The Simple Guide to Legionella Risk Assessments and Primary Water Services
What the law says you MUST do to protect your business
Legionella is a bacterium commonly associated with Legionnaires’ disease. Legionnaires’ disease is a type of pneumonia. It was named after an outbreak of severe pneumonia that affected a meeting of the American Legion in 1976.
Legionellosis is the name given for a group of illnesses associated with legionella bacteria. There are three main illnesses caused by the bacteria
1) Legionnaires’ disease
2) Pontiac Fever
3) Lochgoilhead Fever.
Legionnaire’s disease is a potentially fatal bacterial pneumonia infection that is normally contracted by breathing in water droplets with an incubation period of 2-10 days. The infectious dose is clearly linked to susceptibility, although it is considered to attack between 2-5% of those exposed.
Legionella bacteria are common in the natural environment, such as in rivers, lakes and artificial water systems such as hot and cold-water systems or cooling towers.
Normally it is contracted by means of the bacteria being aerosolised and then inhaled. High susceptible individuals may get infected at relatively low doses
The Health and Safety at Work act 1974 and the Control of Substances Hazardous to Health Regulations place legal duties on employers and those responsible for the control of premises to control the risk from exposure to bacteria.
The Approved code of Practice and guidance more commonly known as L8 gives advice on these legal duties and sets out strategies for controlling the risk.
The five key areas that are required to comply with legal duties are;
>Identify and assess source of risk
>Prepare a scheme for preventing or controlling the risk
>Implement, manage, and monitor precautions
>Appoint a person to be managerially responsible
A suitable risk assessment is required to cover all water systems in any commercial premise. This includes rented housing stock particularly where communal services are present.
Guidance details that the risk assessment should be up-dated regularly (at least every two years) or when there are significant changes that may render the assessment invalid (e.g. change in water systems / change in occupants / legionella bacteria found / legionella outbreak). In order to identify any changes, it is recommended that a formal desk-based review is under taken regularly with findings being recorded.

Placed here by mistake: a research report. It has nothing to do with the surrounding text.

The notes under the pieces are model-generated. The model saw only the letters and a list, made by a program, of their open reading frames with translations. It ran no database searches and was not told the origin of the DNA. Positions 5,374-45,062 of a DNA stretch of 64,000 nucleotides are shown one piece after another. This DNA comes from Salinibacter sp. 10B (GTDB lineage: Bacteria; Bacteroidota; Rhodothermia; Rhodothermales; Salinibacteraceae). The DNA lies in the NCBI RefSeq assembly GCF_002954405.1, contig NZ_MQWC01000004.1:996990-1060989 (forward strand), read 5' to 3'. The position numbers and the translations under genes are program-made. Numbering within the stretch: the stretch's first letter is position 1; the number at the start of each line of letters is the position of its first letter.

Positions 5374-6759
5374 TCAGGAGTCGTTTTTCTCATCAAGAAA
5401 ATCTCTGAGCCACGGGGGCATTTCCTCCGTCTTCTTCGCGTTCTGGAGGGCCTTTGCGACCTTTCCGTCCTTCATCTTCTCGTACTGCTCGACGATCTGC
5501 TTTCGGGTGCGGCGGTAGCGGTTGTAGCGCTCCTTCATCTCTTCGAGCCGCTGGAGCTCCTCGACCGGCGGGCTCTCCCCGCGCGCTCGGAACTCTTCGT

There are several measures that can be adopted to create water systems in the built environment that are hostile to the growth of legionella. Most traditionally, temperature is used to control legionella. Wherever possible, temperature should be the first line of defence used to control the bacterial growth.
System Required Temperature:
Hot water storage - 60 Deg. C
Hot Water Distribution Greater than - 50 Deg. C
Cold water Storage Less than - 20 Deg. C
Cold Water Distribution Less than - 20 Deg. C
It is also particularly important to ensure that all areas of the distribution system are in regular use to safe guard against stagnation.
The control scheme which will be completed and detailed in the legionella risk assessment report will identify the tasks that are required to control the risks. The level of monitoring required will depend on the type of water systems and services and users within your site. A basic water system for example in a 5-storey office block may require monthly temperature checks, six monthly & annual inspections (other tasks may include quarterly shower head cleaning or weekly flushing of infrequently used outlets).
Specific guidance regarding the control of legionella bacteria is supplied in Legionnaires’ disease – The control of legionella bacteria in water systems. Approved Code of Practice and guidance L8.
Downloadable from the HSE website – www.hse.gov.uk/pubns/priced/l8.pdf
A leaflet briefly defining your legionella obligations is downloadable from the HSE website and we strongly recommend you take the time to read this leaflet as a starting point Legionnaires’ disease a guide for employers – Click Here